Several city officials and community organizers held a press conference Monday morning to protest the amendments of two city ordinances regarding homelessness in Berkeley.
A group of nearly 20 individuals gathered outside Old City Hall on Martin Luther King, Jr. Way and spoke in opposition to the proposed agenda item, which was co-sponsored by Mayor Tom Bates and Councilmembers Linda Maio, Lori Droste and Laurie Capitelli. If passed, the item would amend several city ordinances, placing restrictions on where homeless people can sleep and place their belongings.
As a concession to these restrictions, however, the amendments propose providing between 50 and 100 bins at a secure storage facility for homeless individuals, as well as mobile bathroom units with showers, in the Downtown and Telegraph areas.
For some, the measure was attempting to ban problems the city had not yet tried to fix. They also criticized the measure for not providing enough storage spaces or public bathrooms.
“The intent is to make it so that homeless people are invisible in Berkeley,” said Osha Neumann, a community-based civil rights lawyer, during the press conference.
Neumann also criticized the city’s “leafblower approach” toward homeless individuals — which often includes displacing populations from one part of the city to another.
According to Councilmember Linda Maio, who co-sponsored the item, the measure will not be enforced if there are not enough storage spaces, and it will not take effect until storage spaces are built. She also added that the impetus for writing the ordinance was a growing problem with people’s possessions impeding pedestrians’ ability to walk.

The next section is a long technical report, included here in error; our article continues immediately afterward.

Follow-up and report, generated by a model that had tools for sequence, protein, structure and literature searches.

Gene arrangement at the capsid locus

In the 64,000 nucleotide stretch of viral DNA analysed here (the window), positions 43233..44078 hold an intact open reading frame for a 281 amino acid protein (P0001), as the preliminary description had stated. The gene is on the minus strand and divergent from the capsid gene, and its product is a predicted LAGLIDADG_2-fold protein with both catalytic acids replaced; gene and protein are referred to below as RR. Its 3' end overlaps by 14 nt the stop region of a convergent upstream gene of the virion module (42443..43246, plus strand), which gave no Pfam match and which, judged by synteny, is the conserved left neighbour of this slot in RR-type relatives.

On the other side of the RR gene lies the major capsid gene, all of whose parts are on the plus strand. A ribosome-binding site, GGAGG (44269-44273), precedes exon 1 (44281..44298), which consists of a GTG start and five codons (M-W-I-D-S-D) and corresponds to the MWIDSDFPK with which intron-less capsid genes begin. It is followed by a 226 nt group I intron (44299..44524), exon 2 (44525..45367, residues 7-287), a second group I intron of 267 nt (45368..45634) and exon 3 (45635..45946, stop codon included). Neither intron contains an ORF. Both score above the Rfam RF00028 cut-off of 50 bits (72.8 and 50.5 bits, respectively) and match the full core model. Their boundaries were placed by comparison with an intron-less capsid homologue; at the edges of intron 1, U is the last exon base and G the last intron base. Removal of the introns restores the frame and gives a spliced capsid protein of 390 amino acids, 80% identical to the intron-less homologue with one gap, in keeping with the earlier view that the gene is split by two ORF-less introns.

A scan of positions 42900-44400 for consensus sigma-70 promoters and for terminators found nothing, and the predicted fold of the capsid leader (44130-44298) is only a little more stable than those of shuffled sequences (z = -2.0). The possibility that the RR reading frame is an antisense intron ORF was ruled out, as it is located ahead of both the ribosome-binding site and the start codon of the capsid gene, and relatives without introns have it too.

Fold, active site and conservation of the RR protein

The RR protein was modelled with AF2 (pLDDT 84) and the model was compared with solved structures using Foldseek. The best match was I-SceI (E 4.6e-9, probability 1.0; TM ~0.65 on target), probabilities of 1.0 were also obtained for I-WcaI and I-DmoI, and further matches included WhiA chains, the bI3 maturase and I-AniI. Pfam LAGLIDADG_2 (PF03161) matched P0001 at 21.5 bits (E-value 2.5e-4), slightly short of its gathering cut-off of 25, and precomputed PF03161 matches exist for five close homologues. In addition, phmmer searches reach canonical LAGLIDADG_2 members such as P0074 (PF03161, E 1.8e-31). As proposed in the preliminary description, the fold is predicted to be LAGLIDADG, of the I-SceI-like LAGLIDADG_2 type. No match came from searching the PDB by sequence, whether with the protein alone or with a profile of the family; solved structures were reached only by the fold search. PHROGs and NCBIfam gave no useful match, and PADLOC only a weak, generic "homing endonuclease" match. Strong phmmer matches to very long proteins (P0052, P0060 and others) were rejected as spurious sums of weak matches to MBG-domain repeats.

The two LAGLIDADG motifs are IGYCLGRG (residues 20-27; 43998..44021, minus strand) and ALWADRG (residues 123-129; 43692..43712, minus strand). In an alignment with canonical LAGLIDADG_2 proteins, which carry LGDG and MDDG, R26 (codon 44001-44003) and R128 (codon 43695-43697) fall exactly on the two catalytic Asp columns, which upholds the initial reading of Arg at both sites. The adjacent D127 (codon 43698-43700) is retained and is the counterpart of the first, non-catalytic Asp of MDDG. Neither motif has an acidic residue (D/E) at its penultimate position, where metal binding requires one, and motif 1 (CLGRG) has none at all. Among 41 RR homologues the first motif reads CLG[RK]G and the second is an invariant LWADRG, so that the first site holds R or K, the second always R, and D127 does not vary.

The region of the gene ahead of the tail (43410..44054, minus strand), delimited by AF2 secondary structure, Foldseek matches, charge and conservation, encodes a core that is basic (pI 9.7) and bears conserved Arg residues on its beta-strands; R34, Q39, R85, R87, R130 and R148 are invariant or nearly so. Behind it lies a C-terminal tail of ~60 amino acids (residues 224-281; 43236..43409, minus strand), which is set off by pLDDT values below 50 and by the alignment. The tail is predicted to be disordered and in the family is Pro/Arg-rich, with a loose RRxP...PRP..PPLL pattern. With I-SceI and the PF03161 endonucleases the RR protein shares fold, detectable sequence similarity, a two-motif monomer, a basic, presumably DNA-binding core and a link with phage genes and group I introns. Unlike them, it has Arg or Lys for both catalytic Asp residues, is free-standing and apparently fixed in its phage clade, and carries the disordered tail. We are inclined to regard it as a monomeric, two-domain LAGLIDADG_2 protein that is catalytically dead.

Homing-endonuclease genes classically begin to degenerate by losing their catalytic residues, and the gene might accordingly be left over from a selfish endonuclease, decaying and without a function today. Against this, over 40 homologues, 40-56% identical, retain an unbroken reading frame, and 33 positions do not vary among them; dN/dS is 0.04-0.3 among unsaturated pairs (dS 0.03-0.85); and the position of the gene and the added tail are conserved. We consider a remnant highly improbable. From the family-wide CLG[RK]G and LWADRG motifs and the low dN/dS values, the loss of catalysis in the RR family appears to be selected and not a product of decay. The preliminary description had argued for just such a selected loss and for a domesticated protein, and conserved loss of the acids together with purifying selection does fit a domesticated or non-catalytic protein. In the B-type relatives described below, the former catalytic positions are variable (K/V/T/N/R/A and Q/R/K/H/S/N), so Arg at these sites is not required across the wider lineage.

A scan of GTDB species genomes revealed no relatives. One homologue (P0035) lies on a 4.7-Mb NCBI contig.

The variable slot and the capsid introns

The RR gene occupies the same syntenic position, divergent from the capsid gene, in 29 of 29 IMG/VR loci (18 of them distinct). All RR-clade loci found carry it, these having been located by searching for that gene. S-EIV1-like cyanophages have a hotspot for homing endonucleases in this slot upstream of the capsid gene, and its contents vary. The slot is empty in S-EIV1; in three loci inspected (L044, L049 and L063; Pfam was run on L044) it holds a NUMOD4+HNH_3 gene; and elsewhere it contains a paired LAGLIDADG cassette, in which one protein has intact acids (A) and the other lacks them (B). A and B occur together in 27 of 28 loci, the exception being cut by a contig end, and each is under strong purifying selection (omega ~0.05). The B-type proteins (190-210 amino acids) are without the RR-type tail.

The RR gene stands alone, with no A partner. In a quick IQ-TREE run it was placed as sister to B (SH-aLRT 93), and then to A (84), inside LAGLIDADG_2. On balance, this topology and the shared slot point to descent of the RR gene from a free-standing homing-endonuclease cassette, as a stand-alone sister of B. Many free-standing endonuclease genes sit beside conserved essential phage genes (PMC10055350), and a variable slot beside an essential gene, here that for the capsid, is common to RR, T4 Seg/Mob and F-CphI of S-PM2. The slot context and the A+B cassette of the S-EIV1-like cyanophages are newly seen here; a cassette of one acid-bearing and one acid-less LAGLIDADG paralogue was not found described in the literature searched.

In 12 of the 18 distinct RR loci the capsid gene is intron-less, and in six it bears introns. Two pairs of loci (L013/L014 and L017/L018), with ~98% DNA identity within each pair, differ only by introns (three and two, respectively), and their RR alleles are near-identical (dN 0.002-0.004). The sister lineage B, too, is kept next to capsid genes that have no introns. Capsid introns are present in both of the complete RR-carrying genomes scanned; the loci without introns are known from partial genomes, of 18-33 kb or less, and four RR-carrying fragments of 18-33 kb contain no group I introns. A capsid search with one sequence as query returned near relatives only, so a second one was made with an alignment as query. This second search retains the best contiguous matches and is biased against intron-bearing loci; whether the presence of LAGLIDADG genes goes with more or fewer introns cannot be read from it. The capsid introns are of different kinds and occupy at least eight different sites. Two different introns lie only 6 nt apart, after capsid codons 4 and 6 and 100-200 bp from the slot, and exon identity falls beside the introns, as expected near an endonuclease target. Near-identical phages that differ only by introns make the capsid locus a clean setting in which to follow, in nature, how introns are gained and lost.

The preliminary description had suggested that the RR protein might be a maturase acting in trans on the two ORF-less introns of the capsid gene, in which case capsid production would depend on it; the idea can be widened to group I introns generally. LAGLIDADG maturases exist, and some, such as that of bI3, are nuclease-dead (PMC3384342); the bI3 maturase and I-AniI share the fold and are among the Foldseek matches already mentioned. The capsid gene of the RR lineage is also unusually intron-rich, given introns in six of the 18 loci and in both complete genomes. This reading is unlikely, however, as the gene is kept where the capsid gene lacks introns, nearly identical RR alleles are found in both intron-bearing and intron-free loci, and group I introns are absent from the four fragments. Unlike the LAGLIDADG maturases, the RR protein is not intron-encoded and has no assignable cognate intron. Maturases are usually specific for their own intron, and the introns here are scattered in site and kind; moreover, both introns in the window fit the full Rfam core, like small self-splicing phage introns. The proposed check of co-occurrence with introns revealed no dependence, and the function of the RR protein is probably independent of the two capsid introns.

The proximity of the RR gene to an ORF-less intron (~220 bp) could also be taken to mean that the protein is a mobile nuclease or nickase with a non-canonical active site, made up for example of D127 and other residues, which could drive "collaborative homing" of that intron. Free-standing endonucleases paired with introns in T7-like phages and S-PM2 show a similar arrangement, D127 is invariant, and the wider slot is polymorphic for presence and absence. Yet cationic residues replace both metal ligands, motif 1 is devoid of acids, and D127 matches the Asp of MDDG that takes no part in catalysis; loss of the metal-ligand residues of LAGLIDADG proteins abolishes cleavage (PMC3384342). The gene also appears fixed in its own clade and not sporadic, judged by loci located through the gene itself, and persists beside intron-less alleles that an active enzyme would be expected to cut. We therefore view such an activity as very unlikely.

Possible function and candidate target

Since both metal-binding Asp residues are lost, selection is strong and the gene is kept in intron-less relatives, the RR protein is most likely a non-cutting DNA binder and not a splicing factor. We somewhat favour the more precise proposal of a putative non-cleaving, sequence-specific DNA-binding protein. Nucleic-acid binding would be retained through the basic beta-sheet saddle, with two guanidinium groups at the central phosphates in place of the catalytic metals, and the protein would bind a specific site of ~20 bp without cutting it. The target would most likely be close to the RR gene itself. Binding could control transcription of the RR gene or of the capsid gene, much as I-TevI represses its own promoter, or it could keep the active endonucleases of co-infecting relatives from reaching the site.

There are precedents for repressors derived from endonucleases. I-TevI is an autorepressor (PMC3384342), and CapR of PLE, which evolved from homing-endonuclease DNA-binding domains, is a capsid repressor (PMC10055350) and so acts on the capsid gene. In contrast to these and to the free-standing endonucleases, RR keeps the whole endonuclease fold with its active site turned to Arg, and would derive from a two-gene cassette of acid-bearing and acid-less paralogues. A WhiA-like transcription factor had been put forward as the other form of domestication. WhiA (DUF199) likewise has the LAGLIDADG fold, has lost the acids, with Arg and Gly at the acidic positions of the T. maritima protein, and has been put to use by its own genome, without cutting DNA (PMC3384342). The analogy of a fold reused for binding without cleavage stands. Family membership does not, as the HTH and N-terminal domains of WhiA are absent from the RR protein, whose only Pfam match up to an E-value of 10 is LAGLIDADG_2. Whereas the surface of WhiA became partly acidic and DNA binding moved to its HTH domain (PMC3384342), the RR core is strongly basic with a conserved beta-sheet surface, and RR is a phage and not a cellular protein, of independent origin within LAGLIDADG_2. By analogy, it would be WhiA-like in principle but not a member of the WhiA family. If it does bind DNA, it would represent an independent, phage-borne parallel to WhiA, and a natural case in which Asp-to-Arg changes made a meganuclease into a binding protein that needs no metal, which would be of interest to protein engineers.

“For people who don’t have any place to put their things, it is hard to be so harsh,” Maio said. “What we had to do was provide good quality spaces for people to store their things.”
Michael Lee, the organizer of First They Came for the Homeless, a self-advocacy group for the homeless, said past laws failed because they did not seek input from homeless individuals. He said council members must instead “consciously include” the homeless in considerations before making decisions regarding the homeless population.
Later that evening, a group of approximately 30 individuals participated in a “sing-out” in front of Old City Hall, echoing similar sentiments presented during the morning’s press conference.
“We’re hoping these actions and compassion will make the city council and council members do the right thing,” said Sally Hindman, an event organizer and executive director of South Berkeley nonprofit Youth Spirit Artworks. “We want to be a community that cares for its people, and these ordinances are grave violations of civil rights — they’re driving people out.”
A speakout and rally are also planned to precede Berkeley City Council’s regular meeting Tuesday, when the proposed amendments will be presented and further discussed.
Staff writer Jessie Qian contributed to this report.